The ransom note will be written to disk with the name “!!! YOUR FILES ARE ENCRYPTED !!!” with the following content:


Each file crypted is renamed to the same name as before but with the new extension of the random values too.

For example: “rsa.bin.4C516831-800A-6ED2-260F-2EAEDC4A8C45”.

All the files encrypted by Buran will contain a specific filemarker:


In terms of encryption performance, we found Buran slower compared to other RaaS families. According to the authors’ advertisement in the underground forums, they are continually improving their piece of ransomware.

Buran Version 1 vs Buran Version 2

In our research we identified two different versions of Buran. The main differences between them are:

Shadow copies delete process:

In the 2nd version of Buran one of the main things added is the deletion of the shadow copies using WMI.

Backup catalog deletion:

Another feature added in the new version is the backup catalog deletion. It is possible to use the Catalog Recovery Wizard to recover a local backup catalog.

System state backup deletion:

In the same line of system destruction, we observed how Buran deletes in execution the system state backup in the system:

Ping used as a sleep method:

As a poor anti-evasion technique, Buran will use ping through a ‘for loop’ in order to ensure the file deletion system.

The ransom note changed between versions:

VegaLocker, Jumper and Now Buran Ransomware

Despite the file marker used, based on the behavior, TTPs and artifacts in the system we could identify that Buran is an evolution of the Jumper ransomware. VegaLocker is the origin for this malware family.

Malware authors evolve their malware code to improve it and make it more professional. Trying to be stealthy to confuse security researchers and AV companies could be one reason for changing its name between revisions.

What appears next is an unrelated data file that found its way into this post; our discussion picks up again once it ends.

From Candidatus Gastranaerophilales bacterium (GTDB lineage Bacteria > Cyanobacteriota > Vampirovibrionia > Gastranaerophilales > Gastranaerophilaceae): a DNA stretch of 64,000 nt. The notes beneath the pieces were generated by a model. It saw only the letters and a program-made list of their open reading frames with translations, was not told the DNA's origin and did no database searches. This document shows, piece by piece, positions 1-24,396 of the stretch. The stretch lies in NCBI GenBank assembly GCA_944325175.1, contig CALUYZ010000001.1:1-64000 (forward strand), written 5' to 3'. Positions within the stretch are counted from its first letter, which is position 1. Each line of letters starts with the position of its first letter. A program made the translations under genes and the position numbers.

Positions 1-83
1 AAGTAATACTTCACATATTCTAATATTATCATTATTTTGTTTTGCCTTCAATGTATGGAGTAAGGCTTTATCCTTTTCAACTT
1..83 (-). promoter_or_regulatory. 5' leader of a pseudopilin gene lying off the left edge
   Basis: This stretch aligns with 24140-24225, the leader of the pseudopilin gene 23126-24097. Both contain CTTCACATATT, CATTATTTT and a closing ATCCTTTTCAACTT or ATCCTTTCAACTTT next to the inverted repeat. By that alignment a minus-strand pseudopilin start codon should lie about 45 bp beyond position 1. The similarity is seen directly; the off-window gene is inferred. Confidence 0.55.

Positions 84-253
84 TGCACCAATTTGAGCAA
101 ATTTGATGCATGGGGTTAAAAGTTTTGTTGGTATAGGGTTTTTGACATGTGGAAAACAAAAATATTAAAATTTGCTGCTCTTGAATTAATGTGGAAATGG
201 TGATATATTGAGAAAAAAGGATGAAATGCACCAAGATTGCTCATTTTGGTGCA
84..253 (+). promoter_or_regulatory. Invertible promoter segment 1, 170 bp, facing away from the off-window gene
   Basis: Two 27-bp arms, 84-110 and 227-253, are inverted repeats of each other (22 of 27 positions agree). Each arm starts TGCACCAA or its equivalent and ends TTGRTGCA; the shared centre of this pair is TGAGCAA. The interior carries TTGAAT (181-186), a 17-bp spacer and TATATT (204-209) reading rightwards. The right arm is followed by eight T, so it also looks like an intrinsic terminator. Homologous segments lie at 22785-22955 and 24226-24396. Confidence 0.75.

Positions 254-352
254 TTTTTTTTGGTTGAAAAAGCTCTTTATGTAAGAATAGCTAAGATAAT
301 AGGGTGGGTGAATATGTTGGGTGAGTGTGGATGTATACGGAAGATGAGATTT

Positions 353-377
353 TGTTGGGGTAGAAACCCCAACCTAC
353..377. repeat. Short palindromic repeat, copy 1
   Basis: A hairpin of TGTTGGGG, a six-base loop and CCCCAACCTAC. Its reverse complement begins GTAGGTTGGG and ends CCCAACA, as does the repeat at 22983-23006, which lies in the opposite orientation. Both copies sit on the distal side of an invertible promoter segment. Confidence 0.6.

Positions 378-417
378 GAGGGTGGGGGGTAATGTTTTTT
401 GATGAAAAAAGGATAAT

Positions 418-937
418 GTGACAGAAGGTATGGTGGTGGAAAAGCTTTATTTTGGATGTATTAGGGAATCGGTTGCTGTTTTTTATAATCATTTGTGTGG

This is the timeline of this malware family:

Similarities in Behavior:

Files stored in the temp folder:




Registry changes:



Extension overlapping:

In one of the variants (Jumper) it is possible to spot some samples using both extensions:

  • .vega
  • .jamper

Shadow copies, backup catalog and systembackup:

In the analyzed samples we saw how VegaLocker used the same methods to delete the shadow copies, backup catalog and the systembackup.


  • RDN/Ransom
  • Ransomware-GOS!E60E767E33AC
  • Ransom
  • RDN/Ransom
  • RDN/Generic.cf
  • Ransom-Buran!

Expert Rule:

Indicators of Compromise


The sample uses the following MITRE ATT&CK™ techniques:

  • Disabling Security Tools
  • Email Collection
  • File and Directory Discovery
  • File Deletion
  • Hooking
  • Kernel Modules and Extensions
  • Masquerading
  • Modify Registry
  • Network Service Scanning
  • Peripheral Device Discovery
  • Process Injection
  • Query Registry
  • Registry Run Keys / Start Folder
  • Remote Desktop Protocol
  • Remote System Discovery
  • Service Execution
  • System Time Discovery
  • Windows Management Instrumentation


We created a YARA rule to detect Buran ransomware samples and the rule is available in our GitHub repository


Buran represents an evolution of a well-known player in the ransomware landscape. VegaLocker had a history of infections in companies and end-users and the malware developers behind it are still working on new features, as well as new brands, as they continue to generate profits from those actions. We observed new versions of Buran with just a few months between them in terms of development, so we expect more variants from the authors in the future and, perhaps, more brand name changes if the security industry puts too much focus on them. We are observing an increase in ransomware families in 2019, as well as old players in the market releasing new versions based on their own creations.

For the binaries, all of them appeared with a custom packer and already came with interesting features to avoid detection or to ensure the user must pay due to the difficulty of retrieving the files. It mimics some features from the big players and we expect the inclusion of more features in future developments.

Buran is slower than other ransomware families we observed, and samples are coded in Delphi which makes reverse engineering difficult.